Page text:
Weekly Security Report by SNE 4th March 2014

North   Western Libya: Another   busy week in and around Tripoli with an incident at the GNC on Sunday night   when a group of protesters stormed the General National Congress (GNC) in   downtown Tripoli wounding  two members of the interim parliament. The GNC which was elected after the 2011 armed   uprising that toppled the former regime has stirred up popular anger by   extending its mandate from early February until the end of December.

Eastern   Libya: Regular incidents have continued   to occur throughout this last week in Benghazi and the eastern region with   the high profile shooting of a French national on his way to work in his car   with his driver who survived with only minor injuries. Patrice Real worked   for “Ideal Medical Project Engineering” (IMPE) at Benghazi medical centre.   Separately a gunmen in Benghazi also shot and wounded an Egyptian who had   been working in a grocery store, while a Libyan police officer survived an   assassination attempt. Several groups of protestors with different demands   caused severe disruption at Benghazi’s Benina Airport this week. The airport   was not officially closed, but there was an issue all day with people   blocking the passenger terminal,” Director General of Libya’s Civil Aviation   Authority (LYCAA) Captain Nasereddin Shaebelain said the protestors, who   were blocking the entrance to the airport, were family members of the pilots   lost when an Air Force helicopter went missing on 12 February. The   head of Sirte’s military council, Makhlouf bin Nasser al-Fergani, was   assassinated on Saturday by unknown gunmen. He was travelling in a   blacked out Chevrolet when bullets were fired at the vehicle, killing   al-Fergani at the scene.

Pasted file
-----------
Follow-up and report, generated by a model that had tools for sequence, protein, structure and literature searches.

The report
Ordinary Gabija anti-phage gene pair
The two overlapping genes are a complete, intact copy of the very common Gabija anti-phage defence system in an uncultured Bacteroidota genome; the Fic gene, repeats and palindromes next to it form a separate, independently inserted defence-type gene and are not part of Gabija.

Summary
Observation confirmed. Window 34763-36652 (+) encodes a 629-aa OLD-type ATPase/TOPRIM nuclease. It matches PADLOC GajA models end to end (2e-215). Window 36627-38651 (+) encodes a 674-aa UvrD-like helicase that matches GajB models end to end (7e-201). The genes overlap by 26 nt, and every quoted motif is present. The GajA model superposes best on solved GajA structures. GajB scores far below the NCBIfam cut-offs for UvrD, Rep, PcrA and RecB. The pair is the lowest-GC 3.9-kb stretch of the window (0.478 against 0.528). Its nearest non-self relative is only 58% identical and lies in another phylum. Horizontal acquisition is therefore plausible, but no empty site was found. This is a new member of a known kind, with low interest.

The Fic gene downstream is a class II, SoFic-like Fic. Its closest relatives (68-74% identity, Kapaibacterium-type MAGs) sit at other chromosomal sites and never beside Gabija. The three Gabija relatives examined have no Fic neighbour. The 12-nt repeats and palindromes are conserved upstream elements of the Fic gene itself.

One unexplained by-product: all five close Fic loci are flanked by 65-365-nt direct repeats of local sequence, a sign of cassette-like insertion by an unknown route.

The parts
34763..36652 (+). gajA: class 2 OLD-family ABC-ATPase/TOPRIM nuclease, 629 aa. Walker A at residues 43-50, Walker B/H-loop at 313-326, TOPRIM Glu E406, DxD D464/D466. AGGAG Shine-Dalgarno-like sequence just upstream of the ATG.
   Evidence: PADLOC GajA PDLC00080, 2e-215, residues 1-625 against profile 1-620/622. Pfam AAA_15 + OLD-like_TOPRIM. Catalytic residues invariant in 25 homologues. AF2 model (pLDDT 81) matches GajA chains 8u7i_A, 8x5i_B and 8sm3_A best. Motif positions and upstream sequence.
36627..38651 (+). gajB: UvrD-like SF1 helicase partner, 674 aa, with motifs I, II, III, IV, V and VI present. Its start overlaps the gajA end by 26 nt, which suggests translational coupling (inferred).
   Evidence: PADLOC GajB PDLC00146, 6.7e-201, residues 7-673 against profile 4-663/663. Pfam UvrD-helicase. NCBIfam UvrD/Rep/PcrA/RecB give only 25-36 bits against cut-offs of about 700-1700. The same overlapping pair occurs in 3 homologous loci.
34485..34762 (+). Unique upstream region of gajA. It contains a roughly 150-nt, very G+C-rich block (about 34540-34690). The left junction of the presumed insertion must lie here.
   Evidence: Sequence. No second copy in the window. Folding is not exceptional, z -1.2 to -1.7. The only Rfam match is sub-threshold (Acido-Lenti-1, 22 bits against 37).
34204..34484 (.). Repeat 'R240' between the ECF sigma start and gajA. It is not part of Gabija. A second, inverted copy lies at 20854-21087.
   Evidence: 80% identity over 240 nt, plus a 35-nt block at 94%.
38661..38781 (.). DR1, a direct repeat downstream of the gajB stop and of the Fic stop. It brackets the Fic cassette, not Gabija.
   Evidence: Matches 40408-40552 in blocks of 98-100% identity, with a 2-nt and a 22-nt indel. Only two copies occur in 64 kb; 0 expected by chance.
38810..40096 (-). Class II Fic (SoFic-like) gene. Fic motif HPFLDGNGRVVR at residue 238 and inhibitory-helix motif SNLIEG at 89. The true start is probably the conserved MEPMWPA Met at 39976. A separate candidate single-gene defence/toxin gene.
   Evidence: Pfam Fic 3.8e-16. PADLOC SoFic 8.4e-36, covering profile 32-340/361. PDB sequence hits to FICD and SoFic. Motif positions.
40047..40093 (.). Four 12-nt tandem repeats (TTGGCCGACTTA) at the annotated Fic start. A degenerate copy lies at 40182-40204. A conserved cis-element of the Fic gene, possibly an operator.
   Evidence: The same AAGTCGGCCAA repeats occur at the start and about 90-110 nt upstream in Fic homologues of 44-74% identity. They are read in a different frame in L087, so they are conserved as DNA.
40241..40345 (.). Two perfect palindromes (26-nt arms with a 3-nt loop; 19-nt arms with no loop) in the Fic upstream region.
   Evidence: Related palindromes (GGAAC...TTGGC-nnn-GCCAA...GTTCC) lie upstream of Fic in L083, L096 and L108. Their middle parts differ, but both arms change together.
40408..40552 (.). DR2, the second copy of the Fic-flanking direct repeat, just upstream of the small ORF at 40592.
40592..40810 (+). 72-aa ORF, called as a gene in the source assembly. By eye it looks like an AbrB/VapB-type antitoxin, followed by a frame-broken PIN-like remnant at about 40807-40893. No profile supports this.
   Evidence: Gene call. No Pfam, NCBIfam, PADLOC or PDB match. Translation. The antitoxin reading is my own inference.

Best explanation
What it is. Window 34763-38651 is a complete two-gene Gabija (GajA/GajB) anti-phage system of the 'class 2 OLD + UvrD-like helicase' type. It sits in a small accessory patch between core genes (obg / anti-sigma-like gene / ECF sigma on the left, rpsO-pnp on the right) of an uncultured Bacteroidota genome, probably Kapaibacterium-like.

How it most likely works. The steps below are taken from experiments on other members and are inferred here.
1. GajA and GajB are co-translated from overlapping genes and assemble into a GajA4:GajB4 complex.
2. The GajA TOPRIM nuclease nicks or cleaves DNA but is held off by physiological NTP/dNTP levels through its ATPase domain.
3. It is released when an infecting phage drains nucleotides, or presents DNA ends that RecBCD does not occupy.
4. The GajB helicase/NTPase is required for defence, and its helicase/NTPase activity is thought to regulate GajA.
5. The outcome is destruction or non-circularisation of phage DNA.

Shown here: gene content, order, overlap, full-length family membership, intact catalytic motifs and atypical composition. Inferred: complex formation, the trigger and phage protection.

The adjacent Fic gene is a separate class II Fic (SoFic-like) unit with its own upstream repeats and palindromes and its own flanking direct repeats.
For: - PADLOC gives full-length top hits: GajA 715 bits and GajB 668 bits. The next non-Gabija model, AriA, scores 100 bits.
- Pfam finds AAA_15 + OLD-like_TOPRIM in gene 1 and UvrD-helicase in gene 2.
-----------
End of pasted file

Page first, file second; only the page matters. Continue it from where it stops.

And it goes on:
Southern   Libya: More than 100 rockets   fired in clashes between rival government-paid militia have knocked out a   power plant (Sarir) in southern Libya, heightening the risk of summer   blackouts, the electricity minister said on Tuesday. "This is the   chaos Libya lives in," the visibly-annoyed minister, Ali   Mohammed Muhairiq, told a televised news conference that The plant was hit by   120 rockets.

SNE   assesses that travel to Libya is still possible but advises that stringent   security and travel management plans are in place. An itinerary specific   pre-travel risk assessment including mitigation measures are recommended.   Travel to desert and border areas, between cities and major urban centres may   require additional security support. In-country personnel should be confident   in their evacuation procedures and crisis management plans. Crime remains one of the biggest risks to foreign   personnel operating on the ground and the risk is assessed to be at its   highest in outlying areas of the cities, particularly after last light when   travel is not recommended.   SNE can assist clients with pre entry risk assessments, on the ground   physical support, safe discreet transportation, accommodation/business centre   and risk management services throughout the region with villas and offices in   both Tripoli & Benghazi.

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